We live in a society where people are always telling you to grab life by the balls, carpe diem, push yourself out of your comfort zone and live a little! Basically, the pressure to say yes to things is huge because if you’re a ‘no person’ you can be seem as boring, negative and essentially not a good enough person.
This sucks because pressure builds up and you end up doing things that you don’t actually want to. Again, this sucks. This post is all about how I’m (trying) to find the courage to say no to things that won’t eventually lead me to where I want to be or, simply, because I just don’t want to. Here are three situations where saying no can be a good thing!
1. In blogging
This small section of the post is probably most relatable to other small bloggers such as myself. We need to feel brave enough, confident enough in ourselves and our content to say no to collaborations that might not be quite right. Previously, I’ll admit that I’ve said yes to a lot of things and pushed out post after post that weren’t even remotely similar to the bloggers that I idolise and their blogs that I love reading. I was doing it for the cash.
I’m not on a 500k subscriber YouTuber salary nor am I on a ridiculously good wage at work like some of my friends are at other companies. But, I love my job and I also want to save, shop, go on holiday, eat out, socialise, travel and do everything else that we’re meant to do at this age. That needs money and sometimes I’ll admit I accepted £100 for a post that I shouldn’t have. But, that £100 probably paid for my little sister’s birthday presents, petrol home to see them and taking my boyfriend out for breakfast. The struggle is real but I know that I need to start saying no to stuff that doesn’t lead into the type of content that I want to produce.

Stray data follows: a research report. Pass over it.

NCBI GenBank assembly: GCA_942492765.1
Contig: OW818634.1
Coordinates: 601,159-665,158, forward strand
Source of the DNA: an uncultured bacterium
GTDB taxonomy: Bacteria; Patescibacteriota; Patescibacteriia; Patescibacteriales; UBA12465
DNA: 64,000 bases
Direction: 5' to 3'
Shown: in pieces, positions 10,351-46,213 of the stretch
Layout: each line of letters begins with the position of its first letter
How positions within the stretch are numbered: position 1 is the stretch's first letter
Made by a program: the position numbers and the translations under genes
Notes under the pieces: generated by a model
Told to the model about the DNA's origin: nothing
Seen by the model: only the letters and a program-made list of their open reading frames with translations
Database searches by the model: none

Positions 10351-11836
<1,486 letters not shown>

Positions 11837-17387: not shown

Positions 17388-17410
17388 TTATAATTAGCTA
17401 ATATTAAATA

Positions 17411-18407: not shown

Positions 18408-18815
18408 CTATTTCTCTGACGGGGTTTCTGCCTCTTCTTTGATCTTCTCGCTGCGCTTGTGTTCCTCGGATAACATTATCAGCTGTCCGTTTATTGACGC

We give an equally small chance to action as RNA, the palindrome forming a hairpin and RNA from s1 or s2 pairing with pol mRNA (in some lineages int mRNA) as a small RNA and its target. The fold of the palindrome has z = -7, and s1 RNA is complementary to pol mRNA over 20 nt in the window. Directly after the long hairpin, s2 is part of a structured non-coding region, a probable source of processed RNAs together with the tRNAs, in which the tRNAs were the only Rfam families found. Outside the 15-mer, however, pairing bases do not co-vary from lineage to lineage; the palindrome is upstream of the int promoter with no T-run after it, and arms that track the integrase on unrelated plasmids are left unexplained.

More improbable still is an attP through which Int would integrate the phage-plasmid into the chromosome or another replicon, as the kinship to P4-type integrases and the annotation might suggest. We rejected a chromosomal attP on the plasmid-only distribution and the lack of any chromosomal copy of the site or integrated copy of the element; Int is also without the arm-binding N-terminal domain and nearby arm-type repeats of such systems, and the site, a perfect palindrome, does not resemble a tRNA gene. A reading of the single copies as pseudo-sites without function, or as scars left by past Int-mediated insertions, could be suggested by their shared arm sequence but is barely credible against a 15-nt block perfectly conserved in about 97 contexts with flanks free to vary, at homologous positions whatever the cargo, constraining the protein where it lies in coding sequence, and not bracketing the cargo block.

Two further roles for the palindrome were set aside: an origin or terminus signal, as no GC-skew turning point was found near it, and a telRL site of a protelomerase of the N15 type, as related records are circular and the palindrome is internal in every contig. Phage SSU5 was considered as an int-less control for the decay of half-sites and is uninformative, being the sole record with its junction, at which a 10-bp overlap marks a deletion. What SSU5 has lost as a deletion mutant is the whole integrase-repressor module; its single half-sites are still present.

The pressure to go out, get that Instagram shot of the drinks lined up at the bar and spend all your hard earned dollar is huge for most people. Have you ever been out for a dinner or on a night out when you didn’t actually want to go or even, couldn’t afford it? Yep. Regretted it? Yep. Just say no. Or, invite your friends round to yours if you don’t fancy shouting over overly loud music and drinking overpriced wine.
My workplace has a massive ‘going out’ culture and I’m just not into it. I find it super awkward when there’s 50 people standing around that you know but noone really knows what to say in those situations. I prefer drinks with my team and sitting down with some nachos over shots with my CEO. I say no to a lot of work nights out because I just don’t find them fun but I do love going out with my team and having a gossip. Saying no doesn’t make you boring, it just means that you know what you like!
3. When you just don’t want to
Whatever the situation is, you have the right to say no to things that you don’t want to or don’t feel comfortable doing. Recently, after two terror attacks in two weeks in two major UK cities I was due to go to London for a work meeting. I refused. It probably made me look bad, I probably let some people down and someone might have had to have sent an awkward email to a huge brand but I wasn’t going. It was awkward for me to admit that I was scared and I didn’t want to go but if I don’t have to put myself at risk, I won’t. I still did my preparation for the meeting an insisted they dial me in because I’m still capable of doing my job from another city. It’s 2017, phone lines and internet are pretty useful.
Basically, the moral of the story is, just don’t if you don’t want to and don’t worry about what people think if you’re happy with your decision.